My husband and I are engaged in a dance that we do almost every day. No, it’s not THAT. We’re sharing the bathroom sink. Our movements are a study in choreography. As we move through our morning ablutions, we dip, turn, sidestep and glide, most of the time without missing a beat or saying a word. I’m standing at the left of the sink to dry my hair, he on the right, shaving, I silently step right to plug in the straight iron, as he glides left to take my spot. As he turns off the razor, I reach right and pass him the wastebasket. He back steps away from the drawer as I bend to put away the iron. I step away from the drawer as he reaches for the toothpaste. Now, we’re yin and yang, brush, rinse, spit, taking carefully synchronized turns. He uses cold water, I use warm. We slide the faucet back and forth – warm, cold, warm, cold. We’re Fred and Ginger, Bogie and Bacall. We match each other’s movements as carefully as if Balanchine had choreographed this routine.
The dance continues throughout the day – he picks up dry-cleaning, I fold laundry. He brings in the mail, I grab the paper. We stand side by side, slipping carefully wrapped sandwiches into Velcro lunch bags, slicing apples, each taking half. I scrape, he rinses; I wash, he dries. Occasionally there is a misstep – whether from fatigue, forgetfulness, some unknown ripple in the routine, who knows why? Then mail will sit in the box, there’s no clean socks, or someone gets toothpaste spit on their head.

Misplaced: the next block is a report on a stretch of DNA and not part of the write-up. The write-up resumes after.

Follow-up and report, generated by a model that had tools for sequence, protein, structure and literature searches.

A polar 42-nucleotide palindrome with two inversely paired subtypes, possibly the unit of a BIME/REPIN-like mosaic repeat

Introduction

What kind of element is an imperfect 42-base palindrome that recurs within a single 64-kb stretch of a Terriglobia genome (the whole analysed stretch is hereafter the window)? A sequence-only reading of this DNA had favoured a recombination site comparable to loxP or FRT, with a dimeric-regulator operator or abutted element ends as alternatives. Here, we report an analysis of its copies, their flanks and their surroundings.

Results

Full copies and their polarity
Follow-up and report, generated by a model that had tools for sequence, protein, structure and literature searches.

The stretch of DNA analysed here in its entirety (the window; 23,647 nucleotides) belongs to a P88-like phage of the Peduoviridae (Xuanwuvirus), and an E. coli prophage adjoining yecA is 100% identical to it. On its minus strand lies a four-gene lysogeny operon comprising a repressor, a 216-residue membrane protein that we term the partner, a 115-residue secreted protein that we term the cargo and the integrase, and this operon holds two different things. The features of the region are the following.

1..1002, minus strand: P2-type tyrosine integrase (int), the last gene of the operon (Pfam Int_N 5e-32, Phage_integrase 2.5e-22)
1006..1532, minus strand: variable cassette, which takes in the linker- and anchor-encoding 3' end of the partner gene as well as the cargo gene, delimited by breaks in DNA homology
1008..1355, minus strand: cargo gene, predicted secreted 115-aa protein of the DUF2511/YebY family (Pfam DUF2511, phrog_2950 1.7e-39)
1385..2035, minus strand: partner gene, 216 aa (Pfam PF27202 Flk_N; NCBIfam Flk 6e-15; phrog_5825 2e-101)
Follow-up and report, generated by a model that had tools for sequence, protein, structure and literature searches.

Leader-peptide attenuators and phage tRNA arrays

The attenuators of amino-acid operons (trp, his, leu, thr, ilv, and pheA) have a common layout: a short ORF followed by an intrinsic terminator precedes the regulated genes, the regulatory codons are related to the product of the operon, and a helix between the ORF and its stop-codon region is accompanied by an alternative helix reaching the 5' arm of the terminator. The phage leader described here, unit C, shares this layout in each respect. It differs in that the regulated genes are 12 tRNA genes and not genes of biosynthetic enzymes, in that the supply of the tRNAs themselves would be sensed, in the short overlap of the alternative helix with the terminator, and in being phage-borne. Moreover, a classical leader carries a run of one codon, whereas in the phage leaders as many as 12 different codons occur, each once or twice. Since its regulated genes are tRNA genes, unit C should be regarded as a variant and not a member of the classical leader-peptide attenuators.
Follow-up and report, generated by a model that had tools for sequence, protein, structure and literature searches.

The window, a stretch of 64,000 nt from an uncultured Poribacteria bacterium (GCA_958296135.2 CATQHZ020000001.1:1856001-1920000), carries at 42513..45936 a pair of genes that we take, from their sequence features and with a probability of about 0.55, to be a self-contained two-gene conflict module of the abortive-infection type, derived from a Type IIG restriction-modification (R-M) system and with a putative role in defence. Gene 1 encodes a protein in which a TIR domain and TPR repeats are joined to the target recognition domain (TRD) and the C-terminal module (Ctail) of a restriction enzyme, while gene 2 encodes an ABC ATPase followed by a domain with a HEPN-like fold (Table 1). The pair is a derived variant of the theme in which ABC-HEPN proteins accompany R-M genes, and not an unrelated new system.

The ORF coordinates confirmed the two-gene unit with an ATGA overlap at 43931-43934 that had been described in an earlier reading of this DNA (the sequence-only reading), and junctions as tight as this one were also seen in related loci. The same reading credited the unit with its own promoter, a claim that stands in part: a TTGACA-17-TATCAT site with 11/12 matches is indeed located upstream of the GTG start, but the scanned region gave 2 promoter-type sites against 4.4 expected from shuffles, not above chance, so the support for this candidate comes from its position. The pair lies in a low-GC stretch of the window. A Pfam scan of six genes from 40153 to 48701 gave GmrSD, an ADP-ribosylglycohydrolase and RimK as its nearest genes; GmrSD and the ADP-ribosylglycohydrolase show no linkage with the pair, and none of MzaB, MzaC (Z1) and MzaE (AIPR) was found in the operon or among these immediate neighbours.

This is the dance of the routine of life. It’s not just danced by couples and partners; it’s parents packing backpacks while children recite spelling words, it’s mothers rocking babies while toddlers pile up blocks; it’s juggling school, soccer and paper routes so families can sit down to dinner together. It’s a dance that requires tuning in to the conscious and subconscious themes of life. It’s taking two, three or more lives, and turning them into one. Most of the time it seems effortless, but make no mistake – it is work. It’s a work that we do for ourselves and each other to keep the flow of the dance of life.